Estes Park – Eastern Gateway to RMNP

So, we’re heading into Estes Park for dinner. On the way in we were discussing that 1. We thought Jellystone was much closer to town and 2. much flatter based on the pictures. We were wrong on both counts, but it was still a nice park.

If you have never been to Estes Park then you don’t know that it sits at an elevation of 7, 522 feet. If you had been then you would know that because it is plastered all over everything. They are very proud of their elevation there. Jellystone sits at 7, 800 feet, so the drive in was downhill past a beautiful overlook at which we never stopped. We could have stopped, I suppose, but it was always overcrowded with people and from a picture taking standpoint, not very good because you wouldn’t be able to see the actual town in the picture, only the giant rock sign.

We came down the side of a mountain and crossed over Lake Estes, immediately noting several facts – They have a beautiful lake and part of it is bordered by a large dog park, and it is a literal tourist trap. There is one major road that leads through the downtown area. The downtown area is obviously very tightly controlled. Eating choices at this point were quite limited – Subway, McDonald’s, Taco Bell/KFC, or a couple of local restaurants that we knew nothing about. We chose Taco Bell/KFC. Actually I think the kids did, but nobody was complaining at the prospect of a fast, hot meal.

We ate our dinner and then decided that it might be prudent to visit the visitor center across the street. We were originally going to just walk over, but the traffic was pretty heavy, so driving seemed the way to go. When we got in the first thing I heard was, “I havta go to the bathroom!” I was just pleased that we were somewhere that offered a bathroom and not out on some trail in the middle of nowhere, so we went off to locate the bathrooms. Imagine my surprise when we found them and there was a line for the Men’s room! This never happens folks. I was shocked! I was wondering if the lovely town of Estes Park had truly taken the idea of Potty Parity to the extreme and decided to make it so men would have to wait, too. Alas, that was not the case. In fact, a tour group from Japan had stopped in and the very kind leader had cleared out the Men’s Room and stood guard at the door while the ladies used the facilities.  There was a short line in the Ladies room, but I shudder to think how long that line might have been. It worked wonderfully and the guys got in after a short wait. We did too, and when we came back out Mom and Dad went to talk to the lady at the counter.

Obviously, she was very knowledgeable about the area and about the Rock Mountain National Park area closest to Estes. She gave us a map highlighted with places to see and her personally recommended hikes for the kids. We took the info and merrily headed on our way. Noticing that there was a Safeway across the street we thought it a good idea to go and get some supplies, mainly food. We ended up with lots of snacky type stuff since we had no cooler and the fridge on the camper would take 1-1/2 to 2 days to cool down. The prices were fairly high, but I guess when you are the lone grocery store around you can charge what you want, right?

Then it was on to the main entrance of RMNP with a detour at the park visitor center. This was when we had our first taste of life in Estes Park, the Elk jam. Yes folks, when there are elk along the road people stop their cars in the road to gawk and take pictures. Being that it was our first time we kind of did too. This was also the first time that we noticed that the elk prefer to turn their hindquarters toward anyone holding a camera.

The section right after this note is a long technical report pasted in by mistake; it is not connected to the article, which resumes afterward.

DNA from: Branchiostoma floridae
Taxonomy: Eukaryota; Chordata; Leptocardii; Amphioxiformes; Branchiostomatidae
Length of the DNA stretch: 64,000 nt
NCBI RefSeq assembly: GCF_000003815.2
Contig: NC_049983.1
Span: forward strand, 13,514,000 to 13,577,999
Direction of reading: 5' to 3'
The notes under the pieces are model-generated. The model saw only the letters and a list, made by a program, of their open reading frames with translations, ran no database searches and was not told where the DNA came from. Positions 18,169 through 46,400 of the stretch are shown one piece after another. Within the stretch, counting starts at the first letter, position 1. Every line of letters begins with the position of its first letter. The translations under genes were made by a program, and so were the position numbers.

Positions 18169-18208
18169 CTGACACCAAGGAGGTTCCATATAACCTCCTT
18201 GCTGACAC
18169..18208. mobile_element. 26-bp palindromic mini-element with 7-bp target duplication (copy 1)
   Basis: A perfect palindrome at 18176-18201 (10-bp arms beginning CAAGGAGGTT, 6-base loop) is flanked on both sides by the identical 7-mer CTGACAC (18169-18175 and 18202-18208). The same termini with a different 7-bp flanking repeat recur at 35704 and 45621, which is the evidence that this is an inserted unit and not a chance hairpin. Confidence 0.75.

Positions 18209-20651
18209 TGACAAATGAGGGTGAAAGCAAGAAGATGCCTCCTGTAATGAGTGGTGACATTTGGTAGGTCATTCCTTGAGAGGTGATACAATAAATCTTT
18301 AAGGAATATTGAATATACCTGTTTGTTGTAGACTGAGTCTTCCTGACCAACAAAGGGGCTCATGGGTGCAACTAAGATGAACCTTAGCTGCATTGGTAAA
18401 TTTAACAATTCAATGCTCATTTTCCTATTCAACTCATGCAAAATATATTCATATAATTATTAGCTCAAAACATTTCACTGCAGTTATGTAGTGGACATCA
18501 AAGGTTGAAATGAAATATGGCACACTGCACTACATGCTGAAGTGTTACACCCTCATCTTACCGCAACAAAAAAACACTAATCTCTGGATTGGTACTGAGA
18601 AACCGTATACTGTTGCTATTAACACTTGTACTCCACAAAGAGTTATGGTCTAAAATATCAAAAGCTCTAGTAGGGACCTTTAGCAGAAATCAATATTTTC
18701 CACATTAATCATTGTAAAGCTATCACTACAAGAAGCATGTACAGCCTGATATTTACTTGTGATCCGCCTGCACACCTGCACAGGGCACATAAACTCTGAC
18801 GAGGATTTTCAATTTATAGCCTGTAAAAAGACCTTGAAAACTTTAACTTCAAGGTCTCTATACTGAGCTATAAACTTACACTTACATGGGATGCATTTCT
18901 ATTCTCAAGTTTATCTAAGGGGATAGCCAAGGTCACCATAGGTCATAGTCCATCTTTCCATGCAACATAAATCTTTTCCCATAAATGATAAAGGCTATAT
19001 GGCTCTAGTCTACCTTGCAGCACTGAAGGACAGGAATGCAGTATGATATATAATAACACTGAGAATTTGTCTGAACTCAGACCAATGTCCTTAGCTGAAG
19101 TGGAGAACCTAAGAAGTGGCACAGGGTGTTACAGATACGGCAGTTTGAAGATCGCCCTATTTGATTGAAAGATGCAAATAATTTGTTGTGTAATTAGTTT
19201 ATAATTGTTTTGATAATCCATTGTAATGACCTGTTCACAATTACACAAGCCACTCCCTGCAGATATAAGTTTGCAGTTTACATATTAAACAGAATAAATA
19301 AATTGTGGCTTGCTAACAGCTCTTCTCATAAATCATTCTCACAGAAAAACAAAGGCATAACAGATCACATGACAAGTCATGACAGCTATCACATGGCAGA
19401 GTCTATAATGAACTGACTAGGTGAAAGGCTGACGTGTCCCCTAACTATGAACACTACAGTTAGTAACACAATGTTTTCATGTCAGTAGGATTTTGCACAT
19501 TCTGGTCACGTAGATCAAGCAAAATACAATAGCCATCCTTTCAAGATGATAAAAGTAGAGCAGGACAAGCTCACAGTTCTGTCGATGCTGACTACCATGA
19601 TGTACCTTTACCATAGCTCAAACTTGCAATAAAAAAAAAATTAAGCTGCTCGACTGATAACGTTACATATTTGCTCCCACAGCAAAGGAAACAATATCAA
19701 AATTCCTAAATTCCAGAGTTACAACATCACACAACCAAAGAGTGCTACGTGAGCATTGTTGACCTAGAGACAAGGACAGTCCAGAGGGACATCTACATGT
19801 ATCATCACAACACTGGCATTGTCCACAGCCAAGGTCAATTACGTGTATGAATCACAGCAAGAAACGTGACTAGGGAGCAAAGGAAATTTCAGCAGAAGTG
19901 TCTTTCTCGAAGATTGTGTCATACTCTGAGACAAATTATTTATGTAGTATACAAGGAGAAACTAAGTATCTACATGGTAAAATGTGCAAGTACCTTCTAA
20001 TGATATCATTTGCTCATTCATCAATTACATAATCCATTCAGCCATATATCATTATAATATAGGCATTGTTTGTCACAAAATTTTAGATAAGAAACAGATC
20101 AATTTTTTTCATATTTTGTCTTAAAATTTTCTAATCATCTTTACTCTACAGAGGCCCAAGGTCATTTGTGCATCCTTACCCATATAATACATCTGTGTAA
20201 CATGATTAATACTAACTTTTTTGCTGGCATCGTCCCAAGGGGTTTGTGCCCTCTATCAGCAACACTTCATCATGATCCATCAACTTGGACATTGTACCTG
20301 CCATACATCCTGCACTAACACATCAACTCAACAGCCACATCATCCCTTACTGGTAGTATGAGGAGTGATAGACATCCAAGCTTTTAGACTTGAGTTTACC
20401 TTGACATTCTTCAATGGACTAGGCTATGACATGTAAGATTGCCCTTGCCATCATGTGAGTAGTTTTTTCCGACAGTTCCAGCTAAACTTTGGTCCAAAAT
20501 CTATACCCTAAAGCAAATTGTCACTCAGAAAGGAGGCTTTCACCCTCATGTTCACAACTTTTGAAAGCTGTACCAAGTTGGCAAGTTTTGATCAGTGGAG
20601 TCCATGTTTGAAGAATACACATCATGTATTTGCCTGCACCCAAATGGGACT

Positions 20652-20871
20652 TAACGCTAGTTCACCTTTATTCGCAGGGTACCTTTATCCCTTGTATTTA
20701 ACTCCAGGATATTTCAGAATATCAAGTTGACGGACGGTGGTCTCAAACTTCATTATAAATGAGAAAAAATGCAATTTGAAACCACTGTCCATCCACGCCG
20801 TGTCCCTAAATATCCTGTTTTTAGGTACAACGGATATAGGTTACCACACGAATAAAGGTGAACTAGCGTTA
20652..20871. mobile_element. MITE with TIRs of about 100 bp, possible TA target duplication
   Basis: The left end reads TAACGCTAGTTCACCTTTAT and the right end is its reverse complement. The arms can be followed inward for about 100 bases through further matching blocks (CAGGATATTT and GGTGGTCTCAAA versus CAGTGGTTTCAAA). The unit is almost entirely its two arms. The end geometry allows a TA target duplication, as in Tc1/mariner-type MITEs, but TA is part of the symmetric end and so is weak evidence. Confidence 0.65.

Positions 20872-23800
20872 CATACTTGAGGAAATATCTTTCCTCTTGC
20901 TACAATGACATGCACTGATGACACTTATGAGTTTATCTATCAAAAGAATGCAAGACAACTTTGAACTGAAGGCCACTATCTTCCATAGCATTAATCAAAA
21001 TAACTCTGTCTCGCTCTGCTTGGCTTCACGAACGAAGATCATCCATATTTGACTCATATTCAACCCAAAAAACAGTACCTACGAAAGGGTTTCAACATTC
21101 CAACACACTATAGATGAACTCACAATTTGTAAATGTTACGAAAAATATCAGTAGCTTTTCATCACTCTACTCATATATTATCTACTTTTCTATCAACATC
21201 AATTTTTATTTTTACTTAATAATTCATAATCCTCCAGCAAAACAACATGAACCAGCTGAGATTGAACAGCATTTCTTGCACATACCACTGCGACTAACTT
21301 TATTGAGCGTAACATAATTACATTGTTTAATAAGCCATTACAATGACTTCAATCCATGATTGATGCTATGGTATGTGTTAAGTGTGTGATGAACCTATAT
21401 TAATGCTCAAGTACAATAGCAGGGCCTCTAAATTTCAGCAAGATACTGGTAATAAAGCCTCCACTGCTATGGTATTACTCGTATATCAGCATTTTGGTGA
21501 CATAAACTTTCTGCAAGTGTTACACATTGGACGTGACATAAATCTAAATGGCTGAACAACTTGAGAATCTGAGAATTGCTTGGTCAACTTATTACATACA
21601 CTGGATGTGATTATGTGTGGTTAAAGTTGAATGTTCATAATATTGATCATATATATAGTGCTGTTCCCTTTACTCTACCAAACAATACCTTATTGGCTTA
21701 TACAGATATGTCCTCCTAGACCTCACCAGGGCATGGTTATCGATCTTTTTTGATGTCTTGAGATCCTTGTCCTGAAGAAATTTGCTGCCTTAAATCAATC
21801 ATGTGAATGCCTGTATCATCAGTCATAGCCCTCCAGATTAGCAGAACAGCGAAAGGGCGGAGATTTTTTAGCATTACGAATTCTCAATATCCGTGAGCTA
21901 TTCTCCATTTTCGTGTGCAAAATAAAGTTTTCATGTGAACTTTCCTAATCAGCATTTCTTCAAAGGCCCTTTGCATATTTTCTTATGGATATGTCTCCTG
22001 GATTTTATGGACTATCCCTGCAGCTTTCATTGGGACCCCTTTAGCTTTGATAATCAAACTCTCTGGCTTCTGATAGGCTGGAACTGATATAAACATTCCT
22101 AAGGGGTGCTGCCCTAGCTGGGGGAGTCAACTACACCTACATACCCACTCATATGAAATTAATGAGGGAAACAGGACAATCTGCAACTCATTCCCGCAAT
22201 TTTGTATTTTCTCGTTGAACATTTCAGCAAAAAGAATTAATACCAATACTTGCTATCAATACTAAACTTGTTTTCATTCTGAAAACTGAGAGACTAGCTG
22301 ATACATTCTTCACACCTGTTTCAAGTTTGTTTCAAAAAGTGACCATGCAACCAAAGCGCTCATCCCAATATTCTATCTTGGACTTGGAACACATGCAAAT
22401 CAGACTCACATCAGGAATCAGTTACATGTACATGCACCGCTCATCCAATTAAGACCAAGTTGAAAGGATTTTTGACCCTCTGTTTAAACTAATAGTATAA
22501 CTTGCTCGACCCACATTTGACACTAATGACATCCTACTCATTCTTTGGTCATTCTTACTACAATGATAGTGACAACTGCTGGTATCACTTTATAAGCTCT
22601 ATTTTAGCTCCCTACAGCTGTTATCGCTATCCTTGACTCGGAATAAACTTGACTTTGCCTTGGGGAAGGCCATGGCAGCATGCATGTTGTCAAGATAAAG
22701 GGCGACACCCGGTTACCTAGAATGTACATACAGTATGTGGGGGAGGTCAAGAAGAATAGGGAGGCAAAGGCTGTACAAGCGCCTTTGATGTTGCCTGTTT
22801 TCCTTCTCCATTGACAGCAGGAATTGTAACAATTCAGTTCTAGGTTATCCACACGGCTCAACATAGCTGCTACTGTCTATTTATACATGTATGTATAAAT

After passing through the elk jam we came to the visitor center at the park only to be greeted by a cheery sign announcing that their hours are 9 a.m. to 5 p.m. It was 5:15. Lucky us. We headed on into the park, first paying our $20 entrance fee. The great thing about this is that it was for the carload and granted us entrance for 7 days. A real bargain in my opinion!

Here’s Dad outside the visitor center.

We drove around the park eventually finding our way to Bear Lake Road and starting down it. It dead ends into one of my must-hike-this hikes so we wanted to check it out. We got about halfway before deciding that it was taking too long and heading back out of the park via the south entrance at Beaver Meadows. We thought it would be a good idea to get back to the camper and get settled and maybe get an early bedtime since the previous night was not for sleeping and we were all pretty exhausted.

Here’s the camper.

We all settled in for the night at around 9:30 (quiet hours are from 10 p.m. to 7 a.m.) and waited for the camp noise to die down. It finally did at 10 when I heard the JS staff going around hushing everyone. We all were asleep shortly after that. Until the rain came through. I was at first convinced that the trees were dropping giant pinecones on the camper, only to later realize that the trees were too far away for that. I then noticed that every movement made on one side of the camper resulted in the entire vehicle bouncing. That was fun. We also discovered that the camper was in fact not level, because we all slid to one side of the mattress, nearly squishing the person at the bottom. One more thing that helps a mother sleep at night – there was no way to lock the door and prevent a certain small boy from just walking out. Goody.

Sunday morning came early….


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